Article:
A new report indicates that the Minneapolis Police Department (MPD) has encouraged Emergency Medical Services (EMS) to use ketamine to sedate suspects, even in cases when the individual was already restrained and in cases when there was no evidence of any crime committed. The report states that the use of ketamine on those arrested has increased from three usages in 2012 to 67 in 2017. Ketamine is a powerful sedative drug that creates a trance-like state as well as inducing hallucinations and memory loss. “I would say fairly comfortably based on conversations I’ve had with folks [that] it is Black folks who are ‘noncompliant,’ that are being affected the most,” said Ward 4 Councilmember Phillipe Cunningham. “That’s frustrating.”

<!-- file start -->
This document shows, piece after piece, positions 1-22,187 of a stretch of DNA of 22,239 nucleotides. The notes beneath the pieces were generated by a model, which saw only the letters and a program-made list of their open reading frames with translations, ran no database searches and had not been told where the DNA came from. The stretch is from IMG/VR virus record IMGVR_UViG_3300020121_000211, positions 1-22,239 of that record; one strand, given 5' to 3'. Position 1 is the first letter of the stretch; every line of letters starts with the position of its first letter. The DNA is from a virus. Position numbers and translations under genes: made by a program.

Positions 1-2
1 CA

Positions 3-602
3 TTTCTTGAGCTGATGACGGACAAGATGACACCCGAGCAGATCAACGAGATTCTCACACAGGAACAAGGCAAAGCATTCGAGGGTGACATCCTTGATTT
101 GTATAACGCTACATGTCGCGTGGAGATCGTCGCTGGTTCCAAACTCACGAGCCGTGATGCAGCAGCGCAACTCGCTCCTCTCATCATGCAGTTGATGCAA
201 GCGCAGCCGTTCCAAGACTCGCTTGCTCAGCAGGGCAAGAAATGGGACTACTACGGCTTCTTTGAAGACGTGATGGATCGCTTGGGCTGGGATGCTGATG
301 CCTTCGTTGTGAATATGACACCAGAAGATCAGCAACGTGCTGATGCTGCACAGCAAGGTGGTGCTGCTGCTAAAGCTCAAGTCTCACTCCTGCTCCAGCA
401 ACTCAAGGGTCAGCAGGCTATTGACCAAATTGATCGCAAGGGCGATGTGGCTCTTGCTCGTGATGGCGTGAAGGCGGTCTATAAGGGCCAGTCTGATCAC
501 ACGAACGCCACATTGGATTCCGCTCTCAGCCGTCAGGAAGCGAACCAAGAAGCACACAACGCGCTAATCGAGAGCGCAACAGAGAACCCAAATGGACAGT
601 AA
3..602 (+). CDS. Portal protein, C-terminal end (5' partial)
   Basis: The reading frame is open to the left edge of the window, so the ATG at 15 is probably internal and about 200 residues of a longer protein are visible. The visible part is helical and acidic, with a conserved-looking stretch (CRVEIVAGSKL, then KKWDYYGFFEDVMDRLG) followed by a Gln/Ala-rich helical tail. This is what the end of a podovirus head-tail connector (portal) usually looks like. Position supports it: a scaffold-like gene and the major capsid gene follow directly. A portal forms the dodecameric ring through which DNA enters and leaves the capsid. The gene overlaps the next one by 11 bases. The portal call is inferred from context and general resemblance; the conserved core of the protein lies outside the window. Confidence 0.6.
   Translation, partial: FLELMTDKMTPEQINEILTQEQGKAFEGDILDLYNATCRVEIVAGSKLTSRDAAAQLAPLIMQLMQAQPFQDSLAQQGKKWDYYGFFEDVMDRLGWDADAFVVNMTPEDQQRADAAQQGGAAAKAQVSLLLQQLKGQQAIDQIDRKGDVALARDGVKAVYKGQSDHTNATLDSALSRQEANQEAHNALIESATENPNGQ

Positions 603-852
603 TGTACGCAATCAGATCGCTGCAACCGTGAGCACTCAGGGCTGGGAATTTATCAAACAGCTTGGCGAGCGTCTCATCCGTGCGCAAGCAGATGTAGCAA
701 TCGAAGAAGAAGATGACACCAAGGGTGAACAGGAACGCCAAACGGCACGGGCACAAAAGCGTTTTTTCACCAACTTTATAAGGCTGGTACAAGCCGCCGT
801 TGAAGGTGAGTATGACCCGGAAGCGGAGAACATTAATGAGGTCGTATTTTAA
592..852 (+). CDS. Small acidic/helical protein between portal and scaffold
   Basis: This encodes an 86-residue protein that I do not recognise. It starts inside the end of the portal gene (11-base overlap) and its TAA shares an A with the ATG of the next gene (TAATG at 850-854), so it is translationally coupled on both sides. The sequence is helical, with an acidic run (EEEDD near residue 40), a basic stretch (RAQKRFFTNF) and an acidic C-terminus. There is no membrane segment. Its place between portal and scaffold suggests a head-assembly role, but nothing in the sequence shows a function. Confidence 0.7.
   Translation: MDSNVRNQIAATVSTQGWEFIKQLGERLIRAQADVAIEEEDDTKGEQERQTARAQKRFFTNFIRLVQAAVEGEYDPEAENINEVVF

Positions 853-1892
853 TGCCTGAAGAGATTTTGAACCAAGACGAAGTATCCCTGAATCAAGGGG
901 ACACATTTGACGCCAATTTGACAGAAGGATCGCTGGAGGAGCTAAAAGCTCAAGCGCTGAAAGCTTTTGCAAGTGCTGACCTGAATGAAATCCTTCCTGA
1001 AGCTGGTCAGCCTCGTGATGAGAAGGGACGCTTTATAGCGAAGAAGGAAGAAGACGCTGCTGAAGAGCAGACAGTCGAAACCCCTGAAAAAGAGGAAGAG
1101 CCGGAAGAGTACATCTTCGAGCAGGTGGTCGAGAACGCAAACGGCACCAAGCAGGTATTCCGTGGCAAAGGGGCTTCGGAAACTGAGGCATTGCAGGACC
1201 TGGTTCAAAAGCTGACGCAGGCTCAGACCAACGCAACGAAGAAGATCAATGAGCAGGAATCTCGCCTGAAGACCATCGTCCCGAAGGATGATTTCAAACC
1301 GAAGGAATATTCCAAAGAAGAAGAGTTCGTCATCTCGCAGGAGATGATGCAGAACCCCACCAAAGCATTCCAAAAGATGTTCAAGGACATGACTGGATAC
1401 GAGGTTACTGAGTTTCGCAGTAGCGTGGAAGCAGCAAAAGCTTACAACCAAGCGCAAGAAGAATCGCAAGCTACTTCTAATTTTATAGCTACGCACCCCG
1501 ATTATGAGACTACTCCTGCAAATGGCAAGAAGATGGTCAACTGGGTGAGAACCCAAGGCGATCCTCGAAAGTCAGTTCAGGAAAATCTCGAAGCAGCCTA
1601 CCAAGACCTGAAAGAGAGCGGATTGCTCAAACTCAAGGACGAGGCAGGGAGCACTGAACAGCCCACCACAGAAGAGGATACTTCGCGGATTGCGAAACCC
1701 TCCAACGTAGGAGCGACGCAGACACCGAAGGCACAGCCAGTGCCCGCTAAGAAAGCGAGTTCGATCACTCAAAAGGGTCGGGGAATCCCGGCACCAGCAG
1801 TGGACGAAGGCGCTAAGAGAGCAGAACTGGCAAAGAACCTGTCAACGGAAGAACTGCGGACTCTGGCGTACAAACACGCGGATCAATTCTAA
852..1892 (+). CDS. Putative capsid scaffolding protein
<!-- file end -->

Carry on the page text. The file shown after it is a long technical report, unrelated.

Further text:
Read more at The Spokesman-Recorder.
All photos taken by Brea Lobley
Among the games, rides, various foodstuffs on a stick and the Black Lives Matter action at the Minnesota State Fair were two female artists—interdisciplinary mixed media artist and performer Ifrah Mansour and the late “Seed Queen” Lillian Colton—who offered poignantly moving and still images of what it means to be a Minnesotan. Colton, whose work has been at the State Fair since 1966, is undoubtedly a popular display and epitomizes the State Fair tradition. Colton took a very gendered tradition, women as gatherers, and transformed it into fine art—and, in the process, gave herself and other crop artists a space to express a complexity to an agricultural background that may have otherwise been overlooked. And she certainly deserved her praise: Colton’s lifelong work of using seeds as an art medium offered a transformative perspective and complexity for the way Minnesotans and non-Minnesotans alike view agriculture. A stroll down Cosgrove from Colton’s exhibit, over at the Education building’s courtyard, was Mansour. Continue Reading